|Sovereign state||United Kingdom|
|Region||North East England|
|Founded||1 April 1974|
|Abolished||1 April 2009|
|• Type||Berwick-upon-Tweed Council|
|• Leadership:||Alternative – Sec.31|
|• MPs:||Alan Beith|
|Time zone||UTC+0 (Greenwich Mean Time)|
|• Summer (DST)||UTC+1 (British Summer Time)|
Berwick-upon-Tweed was a local government district and borough in Northumberland in the north-east of England, on the border with Scotland. The district had a resident population of 25,949 according to the 2001 census, which also notes that it is the most ethnically homogeneous in the country, with 99.6% of the population recording themselves in the 2001 census as White. It was also the least populated district in England with borough status, and the third-least densely populated local government district (after Eden and Tynedale).
Its main town is Berwick-upon-Tweed, sited immediately to the north of the Tweed estuary. The town is ancient, the scene of a number of battles; it has perhaps the best remaining example of a (almost completely intact) town wall, built for defensive purposes.
On the south of the estuary, the port of Tweedmouth is the point of export of diverse goods, but especially grain and roadstone. The remainder of the borough is rural, bordered to the west by the Cheviot Hills, and to the east by a scenic coastline.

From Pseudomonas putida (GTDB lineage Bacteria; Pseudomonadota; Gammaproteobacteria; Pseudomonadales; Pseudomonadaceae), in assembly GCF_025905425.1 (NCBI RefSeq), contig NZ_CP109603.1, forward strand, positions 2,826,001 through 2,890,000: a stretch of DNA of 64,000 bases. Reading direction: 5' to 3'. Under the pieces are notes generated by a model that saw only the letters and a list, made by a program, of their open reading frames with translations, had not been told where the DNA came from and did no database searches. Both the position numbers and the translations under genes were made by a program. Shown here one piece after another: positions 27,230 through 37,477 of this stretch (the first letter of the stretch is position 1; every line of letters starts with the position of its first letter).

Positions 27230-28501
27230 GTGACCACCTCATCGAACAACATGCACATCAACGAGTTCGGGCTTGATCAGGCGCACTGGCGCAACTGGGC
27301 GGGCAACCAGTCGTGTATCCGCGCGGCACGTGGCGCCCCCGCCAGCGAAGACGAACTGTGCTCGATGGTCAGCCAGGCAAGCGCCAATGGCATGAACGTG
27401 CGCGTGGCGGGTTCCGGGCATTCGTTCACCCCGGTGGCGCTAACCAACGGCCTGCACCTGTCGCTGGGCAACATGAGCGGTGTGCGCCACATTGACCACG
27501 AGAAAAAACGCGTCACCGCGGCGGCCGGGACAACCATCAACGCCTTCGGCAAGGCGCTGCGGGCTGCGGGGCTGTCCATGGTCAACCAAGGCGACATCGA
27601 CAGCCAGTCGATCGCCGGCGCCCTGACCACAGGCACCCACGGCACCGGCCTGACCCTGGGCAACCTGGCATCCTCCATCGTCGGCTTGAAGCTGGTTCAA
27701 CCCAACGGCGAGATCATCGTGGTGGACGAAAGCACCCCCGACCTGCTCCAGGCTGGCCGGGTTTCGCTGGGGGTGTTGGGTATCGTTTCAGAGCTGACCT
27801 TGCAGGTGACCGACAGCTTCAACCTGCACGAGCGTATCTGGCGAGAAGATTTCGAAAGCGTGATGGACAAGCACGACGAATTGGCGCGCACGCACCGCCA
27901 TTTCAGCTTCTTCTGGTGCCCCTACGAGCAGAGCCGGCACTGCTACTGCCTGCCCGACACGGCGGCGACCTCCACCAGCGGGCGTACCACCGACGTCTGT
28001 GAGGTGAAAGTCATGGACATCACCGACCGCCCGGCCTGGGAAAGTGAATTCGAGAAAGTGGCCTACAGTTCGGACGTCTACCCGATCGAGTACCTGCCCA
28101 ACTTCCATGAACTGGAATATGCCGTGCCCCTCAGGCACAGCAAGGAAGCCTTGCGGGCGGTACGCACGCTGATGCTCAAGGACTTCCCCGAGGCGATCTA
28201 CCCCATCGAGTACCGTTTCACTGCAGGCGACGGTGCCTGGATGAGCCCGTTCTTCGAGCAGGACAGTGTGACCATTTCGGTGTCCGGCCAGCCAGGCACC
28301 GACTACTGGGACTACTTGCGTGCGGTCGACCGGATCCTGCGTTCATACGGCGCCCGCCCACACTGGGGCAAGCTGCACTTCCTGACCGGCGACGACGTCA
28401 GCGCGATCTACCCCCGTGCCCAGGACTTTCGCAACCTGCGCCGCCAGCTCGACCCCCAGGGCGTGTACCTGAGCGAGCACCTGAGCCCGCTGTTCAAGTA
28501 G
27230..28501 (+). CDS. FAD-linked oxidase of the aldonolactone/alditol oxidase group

The borough was formed on 1 April 1974 by the merger of the previous borough of Berwick-upon-Tweed with Belford Rural District, Glendale Rural District and Norham and Islandshires Rural District.
Berwick was the first district in Britain to hold a referendum on whether to have a directly elected mayor. This referendum, on 7 June 2001, decided against an elected mayor.
The district was abolished as part of the 2009 structural changes to local government in England effective from 1 April 2009 with responsibilities being transferred to Northumberland County Council, a unitary authority.
The borough contained the settlements and civil parishes of: (towns highlighted in bold)